Scrofano Law PC to Offer Pro Bono Services to Peaceful Protesters Arrested During Inauguration Weekend

Scrofano Law PC, a premiere criminal defense and civil rights firm in Washington, DC, will be offering pro bono representation to any peaceful protesters arrested during inauguration weekend.

CONTACT US AT 1-866-701-5450 or 202-765-3175

MENTION INAUGURATION PROTESTS

With several large-scale events and planned protests coinciding with Donald Trump’s inauguration weekend, we believe defending the First Amendment is BIGLY important.

As such, we are putting out some helpful information to protesters and offering our services free of charge to anyone arrested for conducting peaceful protest activities that weekend.

The District of Columbia has dozens of law enforcement agencies. Some have made arrests in the past for various non-violent activities and we believe its important to support the First Amendment if any such arrests are made during inauguration weekend.

We urge protesters in the strongest possible terms not to antagonize law enforcement. Know your rights and assert them respectfully and peacefully. Never resist or assault law enforcement. We will not represent protesters who engage in acts of violence or destruction of property pro bono. In the District of Columbia, it may be illegal to resist even an unlawful arrest. If stopped by law enforcement, be respectful, cooperate, and assert your rights:

• Explicitly state: “I am asserting my right to silence”
• Specifically ask: “May I speak to an attorney”
• Understand you may refuse if asked to be searched.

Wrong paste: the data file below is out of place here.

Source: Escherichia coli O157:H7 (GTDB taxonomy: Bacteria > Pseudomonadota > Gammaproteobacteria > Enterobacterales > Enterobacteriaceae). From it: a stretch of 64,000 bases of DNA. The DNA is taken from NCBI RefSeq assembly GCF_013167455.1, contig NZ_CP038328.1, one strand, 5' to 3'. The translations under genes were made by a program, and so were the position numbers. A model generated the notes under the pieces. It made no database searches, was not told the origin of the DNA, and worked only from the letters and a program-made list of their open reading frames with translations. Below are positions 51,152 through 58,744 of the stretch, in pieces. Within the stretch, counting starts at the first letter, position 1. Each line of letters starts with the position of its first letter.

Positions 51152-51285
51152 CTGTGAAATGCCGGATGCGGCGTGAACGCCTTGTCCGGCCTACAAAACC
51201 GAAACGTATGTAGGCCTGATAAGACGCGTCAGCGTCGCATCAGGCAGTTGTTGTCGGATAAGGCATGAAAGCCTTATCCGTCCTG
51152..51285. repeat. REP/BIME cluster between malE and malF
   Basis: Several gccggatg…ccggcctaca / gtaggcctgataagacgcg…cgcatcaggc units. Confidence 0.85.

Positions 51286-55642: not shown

Some potential crimes protesters could be arrested for:

Failure to Obey a Lawful Order
The District of Columbia Municipal Regulation 18-2000.2 provides as follows:
“No person shall fail or refuse to comply with any lawful order or direction of any police officer, police cadet, or civilian crossing guard invested by law with authority to direct, control, or regulate traffic. This section shall apply to pedestrians and to the operators of vehicles.”
Penalties for this offense may range from a fine of $100.00 to $1,000.00. You can be arrested for this offense even though it carries no potential jail time.

Incommoding or Blocking Passage
District of Columbia Code § 22-1307 prohibits blocking passage on sidewalks for pedestrians and protesters. A person who violates any provision of the incommoding statute may face a fine and/or be imprisoned for not more than 90 days.

Unlike arrests for crimes like DUI, hit and run, gun offenses, drug offenses, and others arrests in DC, failure to obey a lawful order and incommoding often can be resolved by “post and forfeit” procedure, which does not constitute an admission of guilt or conviction on one’s record. Contact us for more information.

Resisting Arrest
(b) Whoever without justifiable or excusable cause intentionally resists an arrest by an individual who he or she has reason to belief is a law enforcement officer or prevents that individual from making or attempting to make an arrest or detain another person shall be guilty of a misdemeanor, and upon conviction, shall be imprisoned not more than 6 months or fined not more than the amount set for in § 22-3571.01, or both.
(c) It is neither justifiable nor excusable cause to use force to resist an arrest when such an arrest is made by an individual he or she has reason to believe is a law enforcement officer, whether or not such arrest is lawful.

An arrest for resisting does not have an option for “post and forfeit” and is a more serious offense in the District of Columbia.

Additional Resources:
The Metropolitan Police Department is the District’s local police agency. It keeps a copy of its Standard Operating Procedures for Handling First Amendment Assemblies and Mass Demonstrations online. These, however, do not apply to other law enforcement agencies like Park Police and the United States Capitol Police.

The American Civil Liberties Union has additional helpful information on knowing your rights online.

Additional inauguration 2017 specific information from the ACLU DC.